Scandal for Steele at RNC?

Ralph Z. Hallow reports today on accusations of favoritism in hiring at the Republican National Committee. At the American Spectator blog, I write:

This is potentially devastating. There are too many out-of-work Republican operatives for the RNC chief to be awarding six-figure salaries under circumstances that invite accusations of favoritism. I’ve been a Michael Steele fan for years, but he must keep in mind those 77 votes for Katon Dawson on the sixth ballot.

It’s already a Memeorandum thread, and we can expect some pretty acrimonious reaction from Steele’s Republican critics.

As with so many previous problems afflicting the GOP, take note that this is not about ideology, it’s about the “jobs for the boys” mentality of Beltway operatives. You’ve got no idea how many ex-RNC employees and unemployed former Bush administration staffers one meets at D.C. cocktail parties nowadays. This Hallow story will not ease their pain, and Steele could be destroyed by a toxic sea of grassroots discontent fed by Republican political professionals.

UPDATE: Marc Ambinder is dismissive of Hallow’s scoop, but talks of Steele’s opposition inside RNC:

A good number of long-time members can’t accept the fact that Steele controls the party. They don’t like the people he’s put in place, but they can’t find any egregious internal missteps, aside from perhaps the faux pas of paying some of his aides a generous salary. Steele has opened up many RNC contracts to competitive bidding, even though he has been criticized for smaller financial decisions. (Emphasis added.)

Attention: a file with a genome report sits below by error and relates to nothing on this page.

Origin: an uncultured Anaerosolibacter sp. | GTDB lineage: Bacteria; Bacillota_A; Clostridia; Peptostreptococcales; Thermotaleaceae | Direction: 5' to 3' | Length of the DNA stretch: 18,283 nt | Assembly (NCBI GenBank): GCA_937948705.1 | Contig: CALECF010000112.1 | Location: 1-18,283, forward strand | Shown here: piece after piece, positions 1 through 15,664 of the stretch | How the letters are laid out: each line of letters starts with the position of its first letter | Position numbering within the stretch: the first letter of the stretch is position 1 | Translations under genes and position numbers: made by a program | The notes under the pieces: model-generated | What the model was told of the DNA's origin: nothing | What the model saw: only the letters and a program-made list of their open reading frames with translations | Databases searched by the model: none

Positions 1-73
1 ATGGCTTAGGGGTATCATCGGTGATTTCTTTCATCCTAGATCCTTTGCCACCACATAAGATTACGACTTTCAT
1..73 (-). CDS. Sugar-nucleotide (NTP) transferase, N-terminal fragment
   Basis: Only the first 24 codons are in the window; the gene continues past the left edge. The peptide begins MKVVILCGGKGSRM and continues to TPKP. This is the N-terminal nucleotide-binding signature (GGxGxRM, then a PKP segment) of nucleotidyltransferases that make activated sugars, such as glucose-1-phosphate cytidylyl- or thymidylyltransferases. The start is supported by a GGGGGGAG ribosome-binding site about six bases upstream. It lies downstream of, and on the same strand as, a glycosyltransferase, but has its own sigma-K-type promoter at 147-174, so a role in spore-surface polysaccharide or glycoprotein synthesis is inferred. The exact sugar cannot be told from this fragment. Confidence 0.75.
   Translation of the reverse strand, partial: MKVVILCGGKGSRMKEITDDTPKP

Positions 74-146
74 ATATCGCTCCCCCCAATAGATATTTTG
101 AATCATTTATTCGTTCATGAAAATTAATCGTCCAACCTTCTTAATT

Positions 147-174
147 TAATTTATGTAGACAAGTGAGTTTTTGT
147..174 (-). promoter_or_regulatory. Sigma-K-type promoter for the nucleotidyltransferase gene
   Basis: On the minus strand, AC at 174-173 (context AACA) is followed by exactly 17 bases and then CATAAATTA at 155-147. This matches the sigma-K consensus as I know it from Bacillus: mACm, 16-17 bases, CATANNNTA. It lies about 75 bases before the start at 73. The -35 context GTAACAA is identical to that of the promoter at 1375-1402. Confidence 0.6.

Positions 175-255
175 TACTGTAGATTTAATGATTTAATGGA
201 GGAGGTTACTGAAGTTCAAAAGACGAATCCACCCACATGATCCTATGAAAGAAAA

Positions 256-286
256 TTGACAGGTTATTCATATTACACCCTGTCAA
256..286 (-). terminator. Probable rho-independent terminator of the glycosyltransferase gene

I’m sorry, but paying $180,000 to an “outreach director” is a bit more than a faux pas, especially with so many GOP operatives out of work. My friend Tara Setmayer is communication director for Dana Rohrabacher for about $90,000 a year. Wanna bet Tara would have taken that “outreach director” job for $100,000?

UPDATE II: Saul Anuzis is live-Twittering Steele’s lunchtime “future of the GOP” speech, Yet Another Invitation I Didn’t Get. Longtime readers will note the pattern: The more important the event, the more likely it is to be Yet Another Invitation I Didn’t Get.

Occasionally I do cover important events, not because I’m invited, but because somebody accidentally lets me find out about it so that I can B.S. my way past security. B.S.ing past security is a vital skill for The Least Important Journalist in Washington.

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